There is a “rising tide of panic” among teachers who are expected to deliver the new computing curriculum this September, an expert on computing from the Royal Society has said.
From the start of the next academic year, schools will be legally obliged to teach the new computing curriculum to all children aged 5 until at least the age of 14, but concerns have been mounting over the readiness of school staff to deliver the new subject.
And speaking at a conference in London on Wednesday, Mark Wakefield, a citizenship manager for IT giant IBM and member of the Royal Society’s Computing in School advisory group, said that there was growing unease among teachers on how they will teach the subject.
“There is a sense of a rising tide of panic [in regards to the new computing curriculum], which is creating major anxieties in terms of what knowledge and skills they will need,” Mr Wakefield told the Westminster Education Forum.
“Very few teachers will have been taught computer science at school and even fewer will have studied it as an undergraduate so there is no frame of reference. It’s really tough for teachers so we have to manage that and that is really, really important. This is a five to 10 year journey and now that we have a structure in place the Department for Education must give us and themselves some time.”
His comments were echoed by other delegates and speakers at the conference, who believe not enough support is being given to prepare teachers to deliver the curriculum.
Chana Kanzen, ICT forum leader at the Institute of Professional Development for Jewish Schools, who supports more than 20 primary school ICT leaders, said they often come to her forum “in tears” due to the pressure to prepare for the new curriculum.
“Most of them are between the ages of 20 and 30, and as ICT leaders they are often class teachers as well, so they have very little time to put in the training they need in order to learn how to code to then teach the teachers,” Ms Kanzen said.
“They are also expected to be technical advisers and support for the rest of the school as well. They are overworked, they are overstretched; they come to my forum once every half term, often in tears. There needs to be more investment [to train them] and support given.”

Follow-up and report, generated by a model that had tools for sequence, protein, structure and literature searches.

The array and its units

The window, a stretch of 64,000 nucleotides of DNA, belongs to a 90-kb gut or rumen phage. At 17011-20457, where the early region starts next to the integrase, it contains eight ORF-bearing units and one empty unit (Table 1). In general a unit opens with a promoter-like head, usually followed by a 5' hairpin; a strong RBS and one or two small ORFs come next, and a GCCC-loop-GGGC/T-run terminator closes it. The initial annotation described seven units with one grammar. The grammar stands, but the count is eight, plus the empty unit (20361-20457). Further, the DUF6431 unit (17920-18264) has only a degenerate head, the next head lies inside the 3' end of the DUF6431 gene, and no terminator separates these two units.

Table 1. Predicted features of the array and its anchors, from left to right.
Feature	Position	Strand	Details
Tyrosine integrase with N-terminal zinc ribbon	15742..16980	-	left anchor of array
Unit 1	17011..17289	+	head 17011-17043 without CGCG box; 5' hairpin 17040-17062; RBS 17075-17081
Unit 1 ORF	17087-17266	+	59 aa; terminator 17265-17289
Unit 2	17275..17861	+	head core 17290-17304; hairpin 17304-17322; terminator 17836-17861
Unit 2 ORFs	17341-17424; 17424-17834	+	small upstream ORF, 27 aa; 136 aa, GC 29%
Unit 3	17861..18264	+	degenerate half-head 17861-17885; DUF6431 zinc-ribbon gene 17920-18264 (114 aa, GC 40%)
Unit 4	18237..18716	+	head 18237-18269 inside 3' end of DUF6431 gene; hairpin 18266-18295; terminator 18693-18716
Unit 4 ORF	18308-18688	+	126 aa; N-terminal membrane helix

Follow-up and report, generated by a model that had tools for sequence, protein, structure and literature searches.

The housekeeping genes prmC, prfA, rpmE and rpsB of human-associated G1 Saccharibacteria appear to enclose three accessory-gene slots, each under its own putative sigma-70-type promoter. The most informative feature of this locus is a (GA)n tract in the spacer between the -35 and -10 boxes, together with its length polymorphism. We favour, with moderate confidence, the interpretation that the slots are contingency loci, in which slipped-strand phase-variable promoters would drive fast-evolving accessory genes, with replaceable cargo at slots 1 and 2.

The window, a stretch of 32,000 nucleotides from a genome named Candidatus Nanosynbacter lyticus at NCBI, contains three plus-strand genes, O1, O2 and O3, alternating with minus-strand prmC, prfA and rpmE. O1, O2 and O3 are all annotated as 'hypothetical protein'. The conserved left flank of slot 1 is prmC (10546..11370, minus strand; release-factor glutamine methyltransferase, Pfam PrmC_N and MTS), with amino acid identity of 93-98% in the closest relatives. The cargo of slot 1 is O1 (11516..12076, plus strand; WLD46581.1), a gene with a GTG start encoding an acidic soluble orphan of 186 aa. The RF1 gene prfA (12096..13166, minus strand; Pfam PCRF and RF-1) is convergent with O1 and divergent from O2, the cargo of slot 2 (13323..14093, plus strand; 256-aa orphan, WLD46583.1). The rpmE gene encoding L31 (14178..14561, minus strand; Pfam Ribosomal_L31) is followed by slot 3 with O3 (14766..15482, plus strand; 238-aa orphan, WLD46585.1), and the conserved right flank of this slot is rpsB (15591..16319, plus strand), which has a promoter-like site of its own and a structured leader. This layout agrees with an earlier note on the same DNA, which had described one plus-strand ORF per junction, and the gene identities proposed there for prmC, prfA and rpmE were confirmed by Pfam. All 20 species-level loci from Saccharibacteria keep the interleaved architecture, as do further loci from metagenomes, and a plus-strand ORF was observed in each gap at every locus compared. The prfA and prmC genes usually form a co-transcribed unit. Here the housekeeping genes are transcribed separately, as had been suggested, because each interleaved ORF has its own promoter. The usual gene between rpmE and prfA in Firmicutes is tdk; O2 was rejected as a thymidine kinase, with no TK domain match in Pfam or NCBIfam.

And Steve Daley, director of learning in computer science at the Unity City Academy in Middlesbrough, added that primary teachers he had spoken to were “really, really quite frightened by the subject”.
Over the last 12 months the DfE has announced a number of funding packages to help train teachers and recruit graduates to teach the subject, the most recent being a £500,000 pot to train teachers in software coding.
A further £1.1 million was announced by education minister Elizabeth Truss to be used in teacher training, while the bursary for computer science graduates to move into teaching has been increased to £25,000.
A Department for Education spokesperson said: “Our new £500,000 match-funding scheme will mean teachers are trained by computing experts so they can inspire the next generation of tech entrepreneurs.
“We have also announced £1.1 million funding for the Chartered Institute for IT (BCS) so that primary school teachers will be able to deliver the new curriculum. On top of this, we are providing £2 million to the BCS to develop a network of teaching excellence in computer science.
“We have also increased scholarships for graduates training in computing from £20,000 to £25,000 and bursaries have increased to £20,000 – up from £4,000 for those with a 2:1 and £9,000 for those with a first class degree.”